The developers of Azerbaijan's Shah Deniz-2 gas field reportedly plan to begin shipping gas in 2019 through TAP, whose intended initial capacity -- like Nabucco -- is 10 billion bcm per year. TAP's shorter route and smaller number of transit countries are believed to have allowed TAP to underbid Nabucco, although the specifics of the current deal are not yet known.
Julian Lee, an expert at the Center for Global Energy Studies in London, says the expected decision reflects a fundamental problem with Nabucco.
"The real problem for the Nabucco pipeline is that it is just so big," Lee says. "It is very difficult to find a single source of supply -- or even a number of sources of supply -- that all become available at the same time in order to be able to fill that line and run it at capacity from day one. And the problem you are then left with, if you can't do that, is that perhaps your early shippers end up being required to pay a transit fee that is far larger than they would perhaps need to pay for a smaller project."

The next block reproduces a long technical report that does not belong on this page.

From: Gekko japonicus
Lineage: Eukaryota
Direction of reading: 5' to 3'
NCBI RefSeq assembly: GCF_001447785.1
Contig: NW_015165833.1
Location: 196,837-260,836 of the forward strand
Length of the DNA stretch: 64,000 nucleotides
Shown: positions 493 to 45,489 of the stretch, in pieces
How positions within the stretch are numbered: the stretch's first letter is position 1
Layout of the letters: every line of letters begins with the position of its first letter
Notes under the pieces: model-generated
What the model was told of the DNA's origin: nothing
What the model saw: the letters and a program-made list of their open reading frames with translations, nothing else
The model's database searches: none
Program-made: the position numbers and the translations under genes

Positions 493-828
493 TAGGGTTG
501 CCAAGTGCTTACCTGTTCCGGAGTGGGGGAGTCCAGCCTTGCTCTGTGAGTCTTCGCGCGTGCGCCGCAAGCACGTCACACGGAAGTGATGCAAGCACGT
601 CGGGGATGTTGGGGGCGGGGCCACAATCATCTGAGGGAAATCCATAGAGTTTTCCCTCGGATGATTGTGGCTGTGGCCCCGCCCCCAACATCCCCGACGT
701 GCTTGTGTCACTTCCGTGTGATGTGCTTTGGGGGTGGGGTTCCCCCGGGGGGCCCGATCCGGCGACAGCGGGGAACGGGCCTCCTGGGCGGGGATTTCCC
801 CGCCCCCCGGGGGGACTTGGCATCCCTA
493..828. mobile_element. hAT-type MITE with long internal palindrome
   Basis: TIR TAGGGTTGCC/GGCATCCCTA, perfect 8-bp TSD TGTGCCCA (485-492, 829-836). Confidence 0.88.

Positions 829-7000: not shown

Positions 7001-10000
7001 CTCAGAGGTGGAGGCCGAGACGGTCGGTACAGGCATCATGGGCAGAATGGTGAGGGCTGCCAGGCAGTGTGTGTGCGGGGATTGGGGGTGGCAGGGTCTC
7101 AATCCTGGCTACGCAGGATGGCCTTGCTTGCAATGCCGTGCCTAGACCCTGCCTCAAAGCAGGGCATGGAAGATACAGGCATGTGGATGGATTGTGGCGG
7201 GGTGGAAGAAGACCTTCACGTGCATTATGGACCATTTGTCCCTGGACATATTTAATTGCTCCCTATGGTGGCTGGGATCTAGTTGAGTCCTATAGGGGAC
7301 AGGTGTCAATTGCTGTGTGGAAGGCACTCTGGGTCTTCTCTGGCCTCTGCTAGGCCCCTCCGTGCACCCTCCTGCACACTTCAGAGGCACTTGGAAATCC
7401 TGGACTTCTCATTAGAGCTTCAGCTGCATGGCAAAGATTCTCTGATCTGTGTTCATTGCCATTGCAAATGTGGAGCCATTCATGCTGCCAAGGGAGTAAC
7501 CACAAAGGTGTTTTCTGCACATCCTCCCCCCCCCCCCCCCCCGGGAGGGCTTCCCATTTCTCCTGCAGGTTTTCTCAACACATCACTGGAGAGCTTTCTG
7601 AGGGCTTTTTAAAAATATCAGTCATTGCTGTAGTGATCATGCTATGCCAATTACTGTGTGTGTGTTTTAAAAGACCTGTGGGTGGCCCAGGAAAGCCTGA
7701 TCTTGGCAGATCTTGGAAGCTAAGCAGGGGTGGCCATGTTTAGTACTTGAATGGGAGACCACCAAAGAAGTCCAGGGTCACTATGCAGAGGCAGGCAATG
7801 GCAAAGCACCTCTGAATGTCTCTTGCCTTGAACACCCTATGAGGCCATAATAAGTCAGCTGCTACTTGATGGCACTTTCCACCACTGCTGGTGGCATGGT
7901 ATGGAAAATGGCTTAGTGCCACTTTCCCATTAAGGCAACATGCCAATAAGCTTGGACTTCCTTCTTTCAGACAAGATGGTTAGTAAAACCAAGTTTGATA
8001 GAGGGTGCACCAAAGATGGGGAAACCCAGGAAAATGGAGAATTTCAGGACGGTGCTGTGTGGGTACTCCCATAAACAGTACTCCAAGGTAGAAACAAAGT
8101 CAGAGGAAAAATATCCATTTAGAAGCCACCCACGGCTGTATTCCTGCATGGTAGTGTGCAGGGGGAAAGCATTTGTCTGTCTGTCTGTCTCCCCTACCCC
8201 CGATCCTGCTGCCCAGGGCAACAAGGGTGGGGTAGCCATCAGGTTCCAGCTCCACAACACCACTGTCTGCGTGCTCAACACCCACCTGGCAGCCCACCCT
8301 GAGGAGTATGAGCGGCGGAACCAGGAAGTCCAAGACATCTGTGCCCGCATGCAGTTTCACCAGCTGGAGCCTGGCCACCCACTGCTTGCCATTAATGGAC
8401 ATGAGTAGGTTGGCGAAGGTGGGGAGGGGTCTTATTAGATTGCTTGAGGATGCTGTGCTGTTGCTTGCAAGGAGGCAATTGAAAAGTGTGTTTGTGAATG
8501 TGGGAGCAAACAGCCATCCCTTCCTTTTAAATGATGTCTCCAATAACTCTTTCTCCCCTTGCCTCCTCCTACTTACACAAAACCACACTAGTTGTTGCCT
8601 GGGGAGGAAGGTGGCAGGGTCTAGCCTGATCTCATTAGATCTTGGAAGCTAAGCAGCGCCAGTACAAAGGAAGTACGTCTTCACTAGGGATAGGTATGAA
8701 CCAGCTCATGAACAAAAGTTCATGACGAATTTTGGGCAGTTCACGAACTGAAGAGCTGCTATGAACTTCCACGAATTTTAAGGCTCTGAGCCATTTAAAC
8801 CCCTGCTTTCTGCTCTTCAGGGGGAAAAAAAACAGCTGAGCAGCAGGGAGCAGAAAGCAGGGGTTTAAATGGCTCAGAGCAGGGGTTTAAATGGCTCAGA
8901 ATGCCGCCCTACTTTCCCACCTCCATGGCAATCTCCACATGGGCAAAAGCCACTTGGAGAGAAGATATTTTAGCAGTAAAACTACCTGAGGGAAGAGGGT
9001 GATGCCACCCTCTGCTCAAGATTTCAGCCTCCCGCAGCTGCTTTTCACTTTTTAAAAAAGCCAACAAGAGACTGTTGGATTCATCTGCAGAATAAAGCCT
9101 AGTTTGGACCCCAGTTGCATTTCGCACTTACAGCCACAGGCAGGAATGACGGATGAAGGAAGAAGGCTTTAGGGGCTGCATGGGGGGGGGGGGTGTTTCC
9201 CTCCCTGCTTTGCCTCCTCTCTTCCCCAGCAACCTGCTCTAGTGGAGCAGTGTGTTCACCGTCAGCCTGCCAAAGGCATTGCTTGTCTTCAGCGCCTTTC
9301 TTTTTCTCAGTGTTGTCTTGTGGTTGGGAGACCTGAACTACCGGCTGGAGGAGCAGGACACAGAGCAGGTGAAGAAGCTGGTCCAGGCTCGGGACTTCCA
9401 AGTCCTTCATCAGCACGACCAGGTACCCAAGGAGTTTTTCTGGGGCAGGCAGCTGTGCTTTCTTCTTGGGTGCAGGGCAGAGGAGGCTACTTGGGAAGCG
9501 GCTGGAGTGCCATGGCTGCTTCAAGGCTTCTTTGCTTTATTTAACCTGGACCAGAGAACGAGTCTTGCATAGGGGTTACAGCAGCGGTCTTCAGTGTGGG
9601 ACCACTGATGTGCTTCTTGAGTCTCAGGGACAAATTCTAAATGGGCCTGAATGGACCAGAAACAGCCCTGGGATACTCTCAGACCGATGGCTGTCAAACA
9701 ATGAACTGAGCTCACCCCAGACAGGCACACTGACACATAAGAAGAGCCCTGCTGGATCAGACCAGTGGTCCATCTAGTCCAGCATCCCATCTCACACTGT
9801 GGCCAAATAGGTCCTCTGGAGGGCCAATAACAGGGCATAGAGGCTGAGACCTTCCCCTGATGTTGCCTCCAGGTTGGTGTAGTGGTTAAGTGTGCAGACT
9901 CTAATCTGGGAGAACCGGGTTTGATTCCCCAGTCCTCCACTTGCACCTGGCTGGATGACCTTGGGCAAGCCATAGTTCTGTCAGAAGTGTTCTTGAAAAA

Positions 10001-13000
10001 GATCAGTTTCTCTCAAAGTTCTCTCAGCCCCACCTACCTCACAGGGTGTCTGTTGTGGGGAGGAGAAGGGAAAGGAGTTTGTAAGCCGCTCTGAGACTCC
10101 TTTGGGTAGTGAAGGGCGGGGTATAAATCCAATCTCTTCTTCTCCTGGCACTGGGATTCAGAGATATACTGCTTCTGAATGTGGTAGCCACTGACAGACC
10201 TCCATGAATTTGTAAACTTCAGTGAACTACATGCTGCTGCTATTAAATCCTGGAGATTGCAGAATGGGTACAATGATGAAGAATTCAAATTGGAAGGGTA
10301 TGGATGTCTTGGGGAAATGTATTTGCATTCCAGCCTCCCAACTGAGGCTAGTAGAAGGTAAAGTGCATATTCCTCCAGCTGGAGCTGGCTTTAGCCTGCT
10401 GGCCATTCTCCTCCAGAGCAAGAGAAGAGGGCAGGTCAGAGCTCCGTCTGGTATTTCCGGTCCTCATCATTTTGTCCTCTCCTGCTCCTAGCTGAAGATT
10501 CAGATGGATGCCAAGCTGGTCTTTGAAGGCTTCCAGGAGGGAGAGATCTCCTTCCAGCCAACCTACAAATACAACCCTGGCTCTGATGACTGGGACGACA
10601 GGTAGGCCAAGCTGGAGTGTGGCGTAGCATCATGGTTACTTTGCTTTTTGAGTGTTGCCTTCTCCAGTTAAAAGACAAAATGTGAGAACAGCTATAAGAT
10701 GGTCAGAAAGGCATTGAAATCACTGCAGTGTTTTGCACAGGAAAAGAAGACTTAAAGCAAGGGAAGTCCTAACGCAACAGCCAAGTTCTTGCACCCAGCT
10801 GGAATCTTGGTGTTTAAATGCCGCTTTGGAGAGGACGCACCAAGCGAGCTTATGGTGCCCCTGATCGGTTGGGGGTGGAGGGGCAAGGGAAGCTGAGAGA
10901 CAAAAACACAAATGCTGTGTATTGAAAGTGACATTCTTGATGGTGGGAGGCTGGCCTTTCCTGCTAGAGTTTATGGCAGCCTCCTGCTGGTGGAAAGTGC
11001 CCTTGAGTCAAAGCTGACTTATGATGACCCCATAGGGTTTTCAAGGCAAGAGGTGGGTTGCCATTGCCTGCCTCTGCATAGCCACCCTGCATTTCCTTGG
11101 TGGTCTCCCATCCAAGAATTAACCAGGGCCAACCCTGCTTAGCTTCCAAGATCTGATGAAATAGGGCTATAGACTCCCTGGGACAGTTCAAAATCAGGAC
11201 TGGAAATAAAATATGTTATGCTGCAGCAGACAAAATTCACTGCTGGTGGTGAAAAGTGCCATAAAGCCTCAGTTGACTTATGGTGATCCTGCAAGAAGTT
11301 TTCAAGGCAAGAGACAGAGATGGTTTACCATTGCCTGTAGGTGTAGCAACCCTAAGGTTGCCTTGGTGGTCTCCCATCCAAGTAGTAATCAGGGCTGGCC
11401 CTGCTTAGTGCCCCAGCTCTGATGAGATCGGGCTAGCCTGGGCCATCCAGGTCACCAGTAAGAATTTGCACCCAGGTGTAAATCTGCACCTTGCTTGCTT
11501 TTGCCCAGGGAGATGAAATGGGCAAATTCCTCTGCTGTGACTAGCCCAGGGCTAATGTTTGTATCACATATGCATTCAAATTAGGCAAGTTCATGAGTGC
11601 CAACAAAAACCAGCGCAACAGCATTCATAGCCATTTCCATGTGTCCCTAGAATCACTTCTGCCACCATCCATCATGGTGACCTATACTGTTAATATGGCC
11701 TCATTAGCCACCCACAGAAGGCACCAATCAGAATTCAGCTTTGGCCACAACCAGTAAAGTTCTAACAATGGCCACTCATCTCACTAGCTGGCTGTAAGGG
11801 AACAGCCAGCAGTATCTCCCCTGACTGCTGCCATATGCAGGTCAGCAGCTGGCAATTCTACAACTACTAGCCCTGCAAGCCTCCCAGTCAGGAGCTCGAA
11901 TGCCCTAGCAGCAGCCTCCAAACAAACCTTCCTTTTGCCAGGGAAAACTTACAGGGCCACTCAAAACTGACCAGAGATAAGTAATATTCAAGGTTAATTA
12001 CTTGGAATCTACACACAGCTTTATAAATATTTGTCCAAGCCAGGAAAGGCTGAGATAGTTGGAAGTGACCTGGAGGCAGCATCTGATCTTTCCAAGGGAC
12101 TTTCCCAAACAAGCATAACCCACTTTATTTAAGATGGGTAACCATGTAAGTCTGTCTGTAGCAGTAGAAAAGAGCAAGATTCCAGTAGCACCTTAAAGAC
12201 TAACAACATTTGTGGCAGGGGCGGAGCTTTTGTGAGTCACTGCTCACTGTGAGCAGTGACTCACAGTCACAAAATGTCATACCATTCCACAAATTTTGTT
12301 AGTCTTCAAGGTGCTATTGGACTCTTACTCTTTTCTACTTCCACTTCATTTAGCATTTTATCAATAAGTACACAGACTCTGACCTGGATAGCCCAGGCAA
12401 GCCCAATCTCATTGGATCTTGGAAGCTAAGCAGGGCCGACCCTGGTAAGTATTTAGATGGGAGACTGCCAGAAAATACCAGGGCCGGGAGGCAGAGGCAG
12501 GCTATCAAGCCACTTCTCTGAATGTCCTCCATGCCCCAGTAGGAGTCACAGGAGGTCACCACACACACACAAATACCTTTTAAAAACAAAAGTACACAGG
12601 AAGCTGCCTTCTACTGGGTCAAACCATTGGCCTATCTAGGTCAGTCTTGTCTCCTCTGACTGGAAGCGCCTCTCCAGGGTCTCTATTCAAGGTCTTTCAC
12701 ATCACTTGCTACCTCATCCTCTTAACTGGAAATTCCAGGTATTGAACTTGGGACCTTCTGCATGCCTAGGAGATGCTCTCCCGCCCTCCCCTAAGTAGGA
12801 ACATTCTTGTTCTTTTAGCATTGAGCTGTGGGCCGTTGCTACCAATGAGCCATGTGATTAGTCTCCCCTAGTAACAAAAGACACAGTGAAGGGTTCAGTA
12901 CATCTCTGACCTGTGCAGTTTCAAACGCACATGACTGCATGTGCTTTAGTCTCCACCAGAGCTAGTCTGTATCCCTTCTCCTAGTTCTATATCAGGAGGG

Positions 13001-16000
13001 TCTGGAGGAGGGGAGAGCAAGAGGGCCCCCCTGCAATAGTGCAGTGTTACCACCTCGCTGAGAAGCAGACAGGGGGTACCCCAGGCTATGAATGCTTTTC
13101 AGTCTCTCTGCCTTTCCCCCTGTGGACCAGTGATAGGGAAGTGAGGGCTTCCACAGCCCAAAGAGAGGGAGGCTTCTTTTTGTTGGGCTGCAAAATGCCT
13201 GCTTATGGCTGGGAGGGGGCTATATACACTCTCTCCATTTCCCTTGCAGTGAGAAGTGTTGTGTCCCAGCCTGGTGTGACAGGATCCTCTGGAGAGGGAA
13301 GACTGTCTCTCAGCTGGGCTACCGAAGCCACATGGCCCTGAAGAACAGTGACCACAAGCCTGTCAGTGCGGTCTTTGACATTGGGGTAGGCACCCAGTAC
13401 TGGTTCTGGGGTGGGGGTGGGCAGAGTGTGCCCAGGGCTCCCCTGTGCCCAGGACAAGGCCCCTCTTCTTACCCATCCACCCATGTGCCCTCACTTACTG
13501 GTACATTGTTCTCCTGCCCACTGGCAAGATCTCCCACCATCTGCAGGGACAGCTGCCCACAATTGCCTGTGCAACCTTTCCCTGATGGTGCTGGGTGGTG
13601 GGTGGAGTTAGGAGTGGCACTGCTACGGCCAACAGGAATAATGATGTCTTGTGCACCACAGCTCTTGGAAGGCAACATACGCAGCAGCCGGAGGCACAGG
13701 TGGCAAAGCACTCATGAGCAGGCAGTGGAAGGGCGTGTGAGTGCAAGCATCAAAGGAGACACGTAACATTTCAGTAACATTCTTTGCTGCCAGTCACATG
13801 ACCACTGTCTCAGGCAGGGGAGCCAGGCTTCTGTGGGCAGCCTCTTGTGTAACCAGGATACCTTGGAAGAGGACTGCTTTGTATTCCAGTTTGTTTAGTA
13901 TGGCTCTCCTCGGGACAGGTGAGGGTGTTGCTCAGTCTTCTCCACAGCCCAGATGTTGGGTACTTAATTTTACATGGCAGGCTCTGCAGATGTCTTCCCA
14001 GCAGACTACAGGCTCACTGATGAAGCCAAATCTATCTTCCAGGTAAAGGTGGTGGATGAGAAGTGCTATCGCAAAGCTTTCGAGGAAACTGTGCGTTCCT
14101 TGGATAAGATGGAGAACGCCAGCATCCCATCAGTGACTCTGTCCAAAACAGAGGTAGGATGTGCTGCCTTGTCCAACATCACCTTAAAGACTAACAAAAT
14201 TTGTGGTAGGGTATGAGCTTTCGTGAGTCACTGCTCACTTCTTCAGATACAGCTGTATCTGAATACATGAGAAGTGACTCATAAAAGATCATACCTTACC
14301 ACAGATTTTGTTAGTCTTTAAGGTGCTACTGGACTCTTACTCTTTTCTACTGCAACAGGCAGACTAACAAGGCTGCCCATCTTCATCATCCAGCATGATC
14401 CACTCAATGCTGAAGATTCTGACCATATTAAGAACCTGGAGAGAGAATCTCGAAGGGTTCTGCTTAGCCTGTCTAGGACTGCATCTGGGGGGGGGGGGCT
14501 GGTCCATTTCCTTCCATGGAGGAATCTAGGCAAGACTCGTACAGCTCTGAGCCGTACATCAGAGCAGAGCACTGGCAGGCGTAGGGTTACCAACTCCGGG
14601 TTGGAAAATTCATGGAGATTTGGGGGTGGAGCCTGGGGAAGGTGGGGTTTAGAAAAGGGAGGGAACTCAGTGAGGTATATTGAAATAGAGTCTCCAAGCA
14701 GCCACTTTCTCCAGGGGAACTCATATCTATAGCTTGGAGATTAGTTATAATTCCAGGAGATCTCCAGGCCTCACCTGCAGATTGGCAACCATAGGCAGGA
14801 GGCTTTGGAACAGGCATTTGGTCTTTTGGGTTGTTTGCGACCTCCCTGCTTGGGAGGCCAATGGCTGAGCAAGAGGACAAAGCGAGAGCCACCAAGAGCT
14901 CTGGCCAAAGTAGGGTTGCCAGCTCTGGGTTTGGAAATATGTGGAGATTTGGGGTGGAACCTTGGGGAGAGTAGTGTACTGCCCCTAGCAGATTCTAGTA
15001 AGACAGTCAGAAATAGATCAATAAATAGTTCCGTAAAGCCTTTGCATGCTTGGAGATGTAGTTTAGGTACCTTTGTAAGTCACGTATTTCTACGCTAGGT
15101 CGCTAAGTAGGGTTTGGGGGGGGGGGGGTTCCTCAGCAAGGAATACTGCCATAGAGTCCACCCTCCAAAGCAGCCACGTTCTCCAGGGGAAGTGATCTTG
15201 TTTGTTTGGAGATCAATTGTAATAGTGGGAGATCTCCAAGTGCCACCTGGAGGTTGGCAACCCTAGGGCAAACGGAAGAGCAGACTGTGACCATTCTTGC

Questions Of Commerciality
The expected choice by the Shah Deniz-2 group -- which includes the Azerbaijani national oil company Socar, Britain's BP, Norway's Statoil, and France's Total -- may not augur well for Nabucco's future.
It would appear to highlight the warning offered by some experts that Nabucco's appeal as a strategic concept far outstrips its viability as a commercial one.